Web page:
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Post date: May 7 2014

A.G. Schneiderman Announces $475,000 Settlement With Office Depot For Overcharging New York State And Local Entities

Investigation Found That Office Supply Company Violated Price Guarantees

Schneiderman: Corporations That Profit From Overcharging New York Taxpayers Will Be Held Accountable

NEW YORK – Attorney General Eric T. Schneiderman announced today a $475,000 settlement with one of the nation’s largest office supply companies, Office Depot, Inc., to resolve allegations that it improperly overcharged over 500 New York government entities, including state agencies, police and fire departments, schools and correctional facilities all over the state.

“By failing to honor their contract, Office Depot profited at the expense of New York taxpayers, local governments and state agencies,” said Attorney General Schneiderman. “At a time when municipalities across the state are struggling to meet tight budgets and fund critical services, my office will do everything in its power to ensure vendors honor their commitment to conduct fair and honest business with our communities.”

In 2008, when it entered into a contract with the Office of General Services (OGS) to sell office supplies to OGS customers, Office Depot promised it would offer those customers a price at least as low as the price at which it sold office supplies to the United States General Services Administration. The Attorney General’s investigation found that Office Depot had inadequate systems in place to ensure compliance with that promise and in fact overcharged the OGS customers by hundreds of thousands of dollars.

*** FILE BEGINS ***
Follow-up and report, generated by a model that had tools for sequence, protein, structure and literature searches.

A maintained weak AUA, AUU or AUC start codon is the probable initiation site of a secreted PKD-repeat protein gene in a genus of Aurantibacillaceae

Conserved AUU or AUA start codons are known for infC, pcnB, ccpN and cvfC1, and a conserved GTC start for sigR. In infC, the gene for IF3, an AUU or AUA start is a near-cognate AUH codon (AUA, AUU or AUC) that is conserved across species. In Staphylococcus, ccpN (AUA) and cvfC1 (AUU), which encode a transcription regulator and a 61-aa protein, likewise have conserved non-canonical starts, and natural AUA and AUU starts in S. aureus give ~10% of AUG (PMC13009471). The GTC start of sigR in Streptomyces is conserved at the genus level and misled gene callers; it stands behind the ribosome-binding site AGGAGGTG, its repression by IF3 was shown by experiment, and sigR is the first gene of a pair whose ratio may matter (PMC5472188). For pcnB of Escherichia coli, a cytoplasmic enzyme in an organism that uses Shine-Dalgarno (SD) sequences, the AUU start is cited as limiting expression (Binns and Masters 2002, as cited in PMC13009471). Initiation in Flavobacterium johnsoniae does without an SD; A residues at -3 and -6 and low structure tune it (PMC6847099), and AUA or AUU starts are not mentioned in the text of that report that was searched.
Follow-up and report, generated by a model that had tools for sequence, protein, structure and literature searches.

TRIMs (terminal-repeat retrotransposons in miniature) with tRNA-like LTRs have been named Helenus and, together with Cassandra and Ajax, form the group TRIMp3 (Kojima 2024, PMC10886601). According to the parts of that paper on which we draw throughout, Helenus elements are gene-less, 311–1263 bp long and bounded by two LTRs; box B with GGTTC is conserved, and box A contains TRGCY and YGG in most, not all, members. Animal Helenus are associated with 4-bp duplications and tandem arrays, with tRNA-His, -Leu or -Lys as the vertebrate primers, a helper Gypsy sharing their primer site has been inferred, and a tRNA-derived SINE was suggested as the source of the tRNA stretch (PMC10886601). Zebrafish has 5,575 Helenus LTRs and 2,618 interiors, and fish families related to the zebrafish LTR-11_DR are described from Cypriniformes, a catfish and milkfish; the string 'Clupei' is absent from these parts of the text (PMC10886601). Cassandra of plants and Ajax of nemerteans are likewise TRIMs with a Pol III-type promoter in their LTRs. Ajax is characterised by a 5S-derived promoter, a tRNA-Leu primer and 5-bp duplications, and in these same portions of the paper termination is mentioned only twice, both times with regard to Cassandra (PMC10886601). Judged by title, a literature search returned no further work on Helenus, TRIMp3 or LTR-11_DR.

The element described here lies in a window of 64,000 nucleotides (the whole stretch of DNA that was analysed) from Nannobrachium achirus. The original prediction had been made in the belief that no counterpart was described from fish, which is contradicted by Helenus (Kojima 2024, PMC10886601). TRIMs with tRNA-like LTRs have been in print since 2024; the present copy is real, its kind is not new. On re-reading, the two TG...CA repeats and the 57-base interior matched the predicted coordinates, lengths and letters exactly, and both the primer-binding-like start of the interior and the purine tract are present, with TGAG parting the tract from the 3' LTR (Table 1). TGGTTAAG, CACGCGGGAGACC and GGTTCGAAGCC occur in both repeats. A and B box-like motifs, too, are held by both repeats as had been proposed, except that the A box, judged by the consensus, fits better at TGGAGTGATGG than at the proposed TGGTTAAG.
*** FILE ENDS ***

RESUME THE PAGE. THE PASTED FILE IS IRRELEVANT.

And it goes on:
As a result of the Attorney General’s settlement, every impacted OGS customer will receive a check from Office Depot reflecting 100% of the overcharged amount. The contract at issue expired in 2013, and Office Depot was not awarded a new OGS contract for office supplies.

The matter was investigated pursuant to the New York False Claims Act. As a state senator, Attorney General Schneiderman authored amendments to strengthen the False Claims Act. These enhancements, known as the Fraud Enforcement and Recovery Act, allow the state to collect triple damages and between $6,000 and $12,000 per violation from corporations or people who defraud the government, or violate their obligations to pay government entities.

The Attorney General's investigation of Office Depot was conducted by Senior Advisor and Special Counsel Nicholas Suplina, with assistance from Assistant Attorney General Bryan Kessler of the Taxpayer Protection Bureau and former Volunteer Attorney Inayat Hemani.  The Taxpayer Protection Bureau, led by Bureau Chief Thomas Teige Carroll and Deputy Bureau Chief Scott Spiegelman, is a unit of the Division of Criminal Justice, led by Executive Deputy Attorney General Kelly Donovan.

A copy of today’s settlement can be read here.

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